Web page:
The clue’s in the title and the “tape” in question is facilitated by a tank-like 230kg Studer A827 2” 24-track reel-to-reel analogue tape recorder introduced over 30 years ago. Its older brother, the Studer J35, was used at Abbey Road Studios to record The Beatles’ Sgt Pepper.
Recording engineer Evan Sutton approached his friend Alex Wintz with the suggestion that he record his trio at Red Bull Studios in New York where they had recently acquired an A827 Studer machine. Given the proliferation of digital recording technology and its (arguably) concomitant cold and soul-less precision, this was an opportunity for Wintz that was too good to miss. The trio recorded this album in a one-day session using tunes mostly written by Wintz. Whilst this set is by no means straightahead, its use of the analogue machine emulates the warmth of the studio recordings made famous by Blue Note Records in their prime.
Born in California and raised in New Jersey, Wintz began playing guitar at an early age and later graduated summa cum laude from the Berklee College of Music in May 2010, completing his master’s degree at Juilliard in May 2012. The Grammy-nominated guitarist has performed at the Newport, Monterey, Montreux and Montréal jazz festivals and many other major venues. Amongst other plaudits he is a National Foundation of the Arts ARTS Award winner. He now teaches at the New Jersey Performing Arts Center’s Jazz for Teens program, teaching guitar technique, advanced theory, ear training, repertory building and ensembles. Live To Tape is his second album, following on from his debut release LifeCycle (Culture Shock, 2017).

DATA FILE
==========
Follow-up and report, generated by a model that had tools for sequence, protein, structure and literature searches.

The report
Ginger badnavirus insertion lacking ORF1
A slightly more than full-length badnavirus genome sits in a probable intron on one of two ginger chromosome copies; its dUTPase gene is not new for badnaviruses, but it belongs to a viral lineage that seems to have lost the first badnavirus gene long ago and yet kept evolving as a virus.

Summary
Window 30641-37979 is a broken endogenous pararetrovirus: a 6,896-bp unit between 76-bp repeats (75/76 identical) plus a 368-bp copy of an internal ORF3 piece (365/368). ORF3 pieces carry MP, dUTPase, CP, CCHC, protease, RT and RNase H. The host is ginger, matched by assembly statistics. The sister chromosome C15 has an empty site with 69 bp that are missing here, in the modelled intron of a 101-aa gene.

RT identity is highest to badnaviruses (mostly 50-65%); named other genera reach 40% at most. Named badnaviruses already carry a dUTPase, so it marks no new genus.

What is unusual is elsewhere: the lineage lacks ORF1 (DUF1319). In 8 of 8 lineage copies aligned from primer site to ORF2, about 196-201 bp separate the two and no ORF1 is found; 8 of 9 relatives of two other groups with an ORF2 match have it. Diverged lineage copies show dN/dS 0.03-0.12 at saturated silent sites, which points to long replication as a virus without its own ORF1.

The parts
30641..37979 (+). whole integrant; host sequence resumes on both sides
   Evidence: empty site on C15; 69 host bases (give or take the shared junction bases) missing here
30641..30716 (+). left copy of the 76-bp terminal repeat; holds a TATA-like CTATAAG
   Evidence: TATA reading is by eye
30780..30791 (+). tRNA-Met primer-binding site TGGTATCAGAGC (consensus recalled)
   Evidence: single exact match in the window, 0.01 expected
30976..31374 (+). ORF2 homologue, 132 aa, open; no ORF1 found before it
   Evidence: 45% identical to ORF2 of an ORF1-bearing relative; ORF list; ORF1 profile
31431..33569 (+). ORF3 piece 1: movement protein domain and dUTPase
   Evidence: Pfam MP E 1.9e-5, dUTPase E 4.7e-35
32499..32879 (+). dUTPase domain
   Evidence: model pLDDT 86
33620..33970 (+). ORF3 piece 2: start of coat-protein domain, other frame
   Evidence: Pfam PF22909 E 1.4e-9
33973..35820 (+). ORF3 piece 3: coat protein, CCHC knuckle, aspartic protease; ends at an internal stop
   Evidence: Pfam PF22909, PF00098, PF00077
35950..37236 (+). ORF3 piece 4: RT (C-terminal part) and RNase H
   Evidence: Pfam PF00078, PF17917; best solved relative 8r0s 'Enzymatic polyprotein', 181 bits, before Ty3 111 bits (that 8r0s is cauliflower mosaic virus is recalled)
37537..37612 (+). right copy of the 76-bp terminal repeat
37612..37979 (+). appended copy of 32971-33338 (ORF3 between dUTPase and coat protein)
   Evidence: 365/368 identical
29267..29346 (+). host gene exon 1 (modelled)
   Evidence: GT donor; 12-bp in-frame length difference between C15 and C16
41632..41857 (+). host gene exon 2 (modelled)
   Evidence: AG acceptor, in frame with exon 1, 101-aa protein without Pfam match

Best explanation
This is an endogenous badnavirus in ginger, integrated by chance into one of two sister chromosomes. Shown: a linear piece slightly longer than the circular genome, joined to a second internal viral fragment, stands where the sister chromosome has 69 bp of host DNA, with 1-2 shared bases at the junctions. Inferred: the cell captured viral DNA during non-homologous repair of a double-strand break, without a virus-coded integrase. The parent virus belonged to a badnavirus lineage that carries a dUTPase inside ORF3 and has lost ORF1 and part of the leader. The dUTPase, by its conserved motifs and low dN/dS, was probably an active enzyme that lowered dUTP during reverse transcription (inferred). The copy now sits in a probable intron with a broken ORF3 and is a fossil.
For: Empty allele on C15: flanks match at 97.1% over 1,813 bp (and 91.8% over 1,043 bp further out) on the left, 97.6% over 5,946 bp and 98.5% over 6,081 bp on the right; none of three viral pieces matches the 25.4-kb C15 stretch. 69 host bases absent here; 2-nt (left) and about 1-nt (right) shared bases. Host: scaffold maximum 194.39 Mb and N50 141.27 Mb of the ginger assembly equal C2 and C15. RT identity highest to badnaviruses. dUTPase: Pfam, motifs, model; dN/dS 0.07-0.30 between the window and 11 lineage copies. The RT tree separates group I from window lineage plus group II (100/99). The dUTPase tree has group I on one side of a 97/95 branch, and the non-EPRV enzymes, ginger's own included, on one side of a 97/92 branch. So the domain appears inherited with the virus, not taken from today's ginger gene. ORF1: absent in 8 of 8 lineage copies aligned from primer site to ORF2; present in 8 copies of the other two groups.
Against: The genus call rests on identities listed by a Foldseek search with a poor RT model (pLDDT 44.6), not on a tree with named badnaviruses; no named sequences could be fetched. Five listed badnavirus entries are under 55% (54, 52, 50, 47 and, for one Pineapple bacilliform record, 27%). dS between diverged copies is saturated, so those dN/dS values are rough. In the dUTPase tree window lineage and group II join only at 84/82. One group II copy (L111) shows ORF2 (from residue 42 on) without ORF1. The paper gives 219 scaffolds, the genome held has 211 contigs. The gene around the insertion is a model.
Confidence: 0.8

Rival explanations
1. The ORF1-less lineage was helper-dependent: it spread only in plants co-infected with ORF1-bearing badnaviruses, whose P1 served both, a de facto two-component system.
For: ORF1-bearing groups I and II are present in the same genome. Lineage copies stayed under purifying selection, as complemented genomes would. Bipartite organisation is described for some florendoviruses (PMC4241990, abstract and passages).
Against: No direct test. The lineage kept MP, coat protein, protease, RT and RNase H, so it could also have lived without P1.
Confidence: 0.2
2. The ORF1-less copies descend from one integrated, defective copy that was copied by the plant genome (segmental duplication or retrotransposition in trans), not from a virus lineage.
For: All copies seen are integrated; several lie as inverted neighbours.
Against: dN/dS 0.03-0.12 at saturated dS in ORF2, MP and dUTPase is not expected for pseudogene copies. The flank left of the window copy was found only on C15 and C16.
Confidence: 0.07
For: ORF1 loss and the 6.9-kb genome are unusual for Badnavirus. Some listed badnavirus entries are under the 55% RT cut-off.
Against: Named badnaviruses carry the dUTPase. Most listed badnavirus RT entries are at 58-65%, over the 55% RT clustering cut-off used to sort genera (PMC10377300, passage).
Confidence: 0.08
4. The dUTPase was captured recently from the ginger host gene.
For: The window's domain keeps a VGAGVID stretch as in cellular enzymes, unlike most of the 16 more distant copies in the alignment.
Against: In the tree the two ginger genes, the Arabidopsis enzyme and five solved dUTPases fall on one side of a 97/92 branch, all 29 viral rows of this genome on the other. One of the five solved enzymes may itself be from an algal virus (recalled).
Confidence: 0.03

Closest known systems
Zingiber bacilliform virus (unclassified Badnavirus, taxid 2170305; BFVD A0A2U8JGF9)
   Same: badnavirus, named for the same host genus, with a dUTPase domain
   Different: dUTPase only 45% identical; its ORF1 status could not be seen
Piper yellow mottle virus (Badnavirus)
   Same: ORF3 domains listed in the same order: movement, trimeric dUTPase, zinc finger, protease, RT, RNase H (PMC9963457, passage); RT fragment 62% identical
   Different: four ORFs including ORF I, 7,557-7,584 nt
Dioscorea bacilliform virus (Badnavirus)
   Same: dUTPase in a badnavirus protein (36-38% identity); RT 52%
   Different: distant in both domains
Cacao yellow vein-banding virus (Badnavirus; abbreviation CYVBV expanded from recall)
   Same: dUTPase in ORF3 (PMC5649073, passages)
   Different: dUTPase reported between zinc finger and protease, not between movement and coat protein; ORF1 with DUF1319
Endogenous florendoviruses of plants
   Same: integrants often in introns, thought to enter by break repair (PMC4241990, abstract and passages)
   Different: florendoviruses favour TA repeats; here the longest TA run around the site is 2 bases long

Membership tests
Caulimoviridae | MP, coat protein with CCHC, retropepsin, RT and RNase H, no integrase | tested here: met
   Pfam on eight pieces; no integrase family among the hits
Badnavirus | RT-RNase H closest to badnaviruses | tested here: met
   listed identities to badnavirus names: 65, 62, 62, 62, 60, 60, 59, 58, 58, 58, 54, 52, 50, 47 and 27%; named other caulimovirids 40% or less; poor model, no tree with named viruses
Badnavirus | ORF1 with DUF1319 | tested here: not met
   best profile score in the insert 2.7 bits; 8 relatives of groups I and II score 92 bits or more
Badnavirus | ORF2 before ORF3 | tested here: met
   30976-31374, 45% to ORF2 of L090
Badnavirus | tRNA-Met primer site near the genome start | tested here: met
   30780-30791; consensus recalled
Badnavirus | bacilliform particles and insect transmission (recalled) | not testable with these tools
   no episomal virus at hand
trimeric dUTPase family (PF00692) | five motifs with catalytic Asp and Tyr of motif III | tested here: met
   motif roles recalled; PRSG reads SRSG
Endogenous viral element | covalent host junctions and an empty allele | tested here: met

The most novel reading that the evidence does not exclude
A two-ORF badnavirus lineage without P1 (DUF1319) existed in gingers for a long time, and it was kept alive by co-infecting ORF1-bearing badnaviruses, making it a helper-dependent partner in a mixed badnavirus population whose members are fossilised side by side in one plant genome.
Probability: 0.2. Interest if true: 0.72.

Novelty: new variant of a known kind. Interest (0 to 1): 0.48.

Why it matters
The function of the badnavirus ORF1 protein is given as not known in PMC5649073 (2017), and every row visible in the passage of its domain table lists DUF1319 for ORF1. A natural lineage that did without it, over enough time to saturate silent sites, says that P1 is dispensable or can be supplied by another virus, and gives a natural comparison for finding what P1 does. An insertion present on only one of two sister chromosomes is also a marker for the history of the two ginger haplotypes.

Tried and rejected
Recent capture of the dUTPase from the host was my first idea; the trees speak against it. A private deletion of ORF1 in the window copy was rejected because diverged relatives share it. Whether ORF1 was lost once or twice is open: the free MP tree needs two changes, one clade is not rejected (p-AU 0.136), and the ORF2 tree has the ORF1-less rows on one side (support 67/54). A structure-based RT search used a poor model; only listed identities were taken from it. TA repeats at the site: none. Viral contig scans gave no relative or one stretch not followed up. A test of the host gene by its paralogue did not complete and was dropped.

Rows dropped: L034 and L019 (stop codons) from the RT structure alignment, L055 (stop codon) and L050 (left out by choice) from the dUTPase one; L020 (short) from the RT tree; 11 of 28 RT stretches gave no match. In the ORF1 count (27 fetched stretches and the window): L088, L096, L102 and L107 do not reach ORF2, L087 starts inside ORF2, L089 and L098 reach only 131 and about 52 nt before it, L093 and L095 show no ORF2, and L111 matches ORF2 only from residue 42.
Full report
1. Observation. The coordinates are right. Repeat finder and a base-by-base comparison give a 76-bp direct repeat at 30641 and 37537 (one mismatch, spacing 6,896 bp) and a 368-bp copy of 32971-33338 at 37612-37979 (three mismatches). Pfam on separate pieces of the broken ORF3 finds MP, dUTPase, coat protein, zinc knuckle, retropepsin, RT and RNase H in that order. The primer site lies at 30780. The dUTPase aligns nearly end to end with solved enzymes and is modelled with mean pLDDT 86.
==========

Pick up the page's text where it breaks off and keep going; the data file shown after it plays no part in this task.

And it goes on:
Wintz evinces an engaging playing style which, without being in the least derivative, evokes the essence of the classic jazz guitarists of the 1960s such as Jim Hall, Johnny Smith, Kenny Burrell and Herb Ellis. But Wintz can hardly be accused of wallowing in the past since he offers here a stunning cover version of Annie (St Vincent) Clark’s winsome ballad What Me Worry? from her debut album Marry Me (Beggars Banquet, 2007). A couple more covers include the Leonard/Martin standard I’m All Smiles and a remarkably faithful interpretation of Herbie Hancock’s Textures from Mr. Hands (Columbia, 1980), the original version an all-synthesizer track played solely by Hancock. Amongst the originals the groovy opener Idris is a paean to the late drummer Idris Muhammad.
Aside from the trio’s noticeably warm sound captured by the Studer, Wintz’s guitar produces a gorgeously clean tone, mercifully unadulterated by the seemingly obligatory bank of effects pedals polluting so many guitars today. If you’ll excuse the pun, Wintz’s trio really has got this one taped.
Idris; On A Summer Day; Textures; What Me Worry?; Ely, MN; Cadeques; I’m All Smiles (44.33)
Wintz (elg); Dave Baron (b); Jimmy McBride (d). New York, NY, 22 January, 2019.
Outside In Music OiM2035